FOR IMMEDIATE RELEASE
Celebrating wetlandsJan 29, 2014
THIS Sunday, February 2 will be recognised as World Wetlands Day -- the campaign day of the Convention on Wetlands of International Importance, more commonly called the Ramsar Convention.
Jamaica became a signatory to the intergovernmental treaty in 1998, pledging to maintain the ecological character of its Wetlands of International Importance and to plan for the "wise use", or sustainable use, of its wetlands.
There are four such designated areas in the island: Black River Lower Morass in St Elizabeth; Mason River Protected Area, Bird Sanctuary and Ramsar Site in Clarendon and St Ann; the Palisadoes-Port Royal Protected Area in Kingston; and Portland Bight Wetlands and Cays in St Catherine and Clarendon. Together, they cover an area of 37, 847 hectares.
The Convention says "wetlands should be selected for the list on account of their international significance in terms of ecology, botany, zoology, limnology or hydrology" and should be "of significant value not only for the country, or the countries, in which they are located, but for humanity as a whole".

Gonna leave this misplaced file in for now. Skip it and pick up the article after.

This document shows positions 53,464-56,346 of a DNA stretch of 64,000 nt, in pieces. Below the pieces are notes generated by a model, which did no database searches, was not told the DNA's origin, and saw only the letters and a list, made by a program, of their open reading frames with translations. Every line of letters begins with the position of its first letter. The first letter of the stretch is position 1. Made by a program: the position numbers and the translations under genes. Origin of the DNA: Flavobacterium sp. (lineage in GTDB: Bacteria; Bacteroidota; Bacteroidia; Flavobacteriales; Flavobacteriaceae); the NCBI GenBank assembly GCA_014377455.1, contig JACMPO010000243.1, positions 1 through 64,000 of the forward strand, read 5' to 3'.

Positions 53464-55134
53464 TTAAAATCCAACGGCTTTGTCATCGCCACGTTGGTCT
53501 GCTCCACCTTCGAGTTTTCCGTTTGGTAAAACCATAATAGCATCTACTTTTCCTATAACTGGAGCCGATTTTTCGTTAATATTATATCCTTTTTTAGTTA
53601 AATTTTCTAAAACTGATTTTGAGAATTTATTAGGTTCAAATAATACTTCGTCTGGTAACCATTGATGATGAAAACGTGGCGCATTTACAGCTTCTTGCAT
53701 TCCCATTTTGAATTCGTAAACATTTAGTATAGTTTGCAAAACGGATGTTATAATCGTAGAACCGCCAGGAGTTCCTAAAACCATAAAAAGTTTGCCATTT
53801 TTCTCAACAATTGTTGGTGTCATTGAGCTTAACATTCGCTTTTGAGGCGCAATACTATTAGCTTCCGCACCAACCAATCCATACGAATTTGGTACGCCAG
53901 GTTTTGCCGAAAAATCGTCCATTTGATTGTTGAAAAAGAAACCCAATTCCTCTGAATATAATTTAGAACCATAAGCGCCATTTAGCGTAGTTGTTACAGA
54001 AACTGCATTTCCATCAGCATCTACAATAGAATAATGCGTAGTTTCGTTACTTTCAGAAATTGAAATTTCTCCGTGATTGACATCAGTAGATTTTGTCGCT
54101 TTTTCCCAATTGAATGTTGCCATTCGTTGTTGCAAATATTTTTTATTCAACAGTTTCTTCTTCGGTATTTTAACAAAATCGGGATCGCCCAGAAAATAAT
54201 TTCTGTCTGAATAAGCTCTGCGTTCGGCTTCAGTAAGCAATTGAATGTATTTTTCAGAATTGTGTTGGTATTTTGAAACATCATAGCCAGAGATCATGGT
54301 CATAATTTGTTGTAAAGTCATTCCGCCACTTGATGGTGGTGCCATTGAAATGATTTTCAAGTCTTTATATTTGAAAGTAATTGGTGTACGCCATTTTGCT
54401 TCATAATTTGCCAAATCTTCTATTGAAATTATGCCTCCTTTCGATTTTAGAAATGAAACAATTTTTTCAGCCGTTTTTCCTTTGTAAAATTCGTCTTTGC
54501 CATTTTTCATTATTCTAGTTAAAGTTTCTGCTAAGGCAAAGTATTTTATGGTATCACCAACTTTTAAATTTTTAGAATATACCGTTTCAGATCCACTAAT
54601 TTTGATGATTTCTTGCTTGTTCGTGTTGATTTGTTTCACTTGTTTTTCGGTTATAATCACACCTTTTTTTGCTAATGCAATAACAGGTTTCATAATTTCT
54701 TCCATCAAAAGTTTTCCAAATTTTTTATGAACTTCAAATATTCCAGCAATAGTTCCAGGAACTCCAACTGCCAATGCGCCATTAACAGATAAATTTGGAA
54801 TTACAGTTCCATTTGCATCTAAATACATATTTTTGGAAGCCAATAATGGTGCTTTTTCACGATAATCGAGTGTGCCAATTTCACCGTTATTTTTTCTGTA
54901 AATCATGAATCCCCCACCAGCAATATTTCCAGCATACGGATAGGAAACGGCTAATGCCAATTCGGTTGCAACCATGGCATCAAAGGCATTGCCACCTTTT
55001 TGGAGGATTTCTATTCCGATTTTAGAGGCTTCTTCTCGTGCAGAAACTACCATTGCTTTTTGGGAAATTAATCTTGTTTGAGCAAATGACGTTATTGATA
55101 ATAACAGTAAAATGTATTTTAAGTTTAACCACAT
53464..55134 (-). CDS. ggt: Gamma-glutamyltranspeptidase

"Joining the Convention," the Ramsar website explains, "signals a commitment on the part of the national government to work actively to support the three pillars of the Convention: 1) ensuring the conservation and wise use of wetlands it has designated as Wetlands of International Importance, 2) including as far as possible the wise use of all wetlands in national environmental planning, and 3) consulting with other Parties about implementation of the Convention, especially in regard to transboundary wetlands, shared water systems, and shared species."
Read more about it here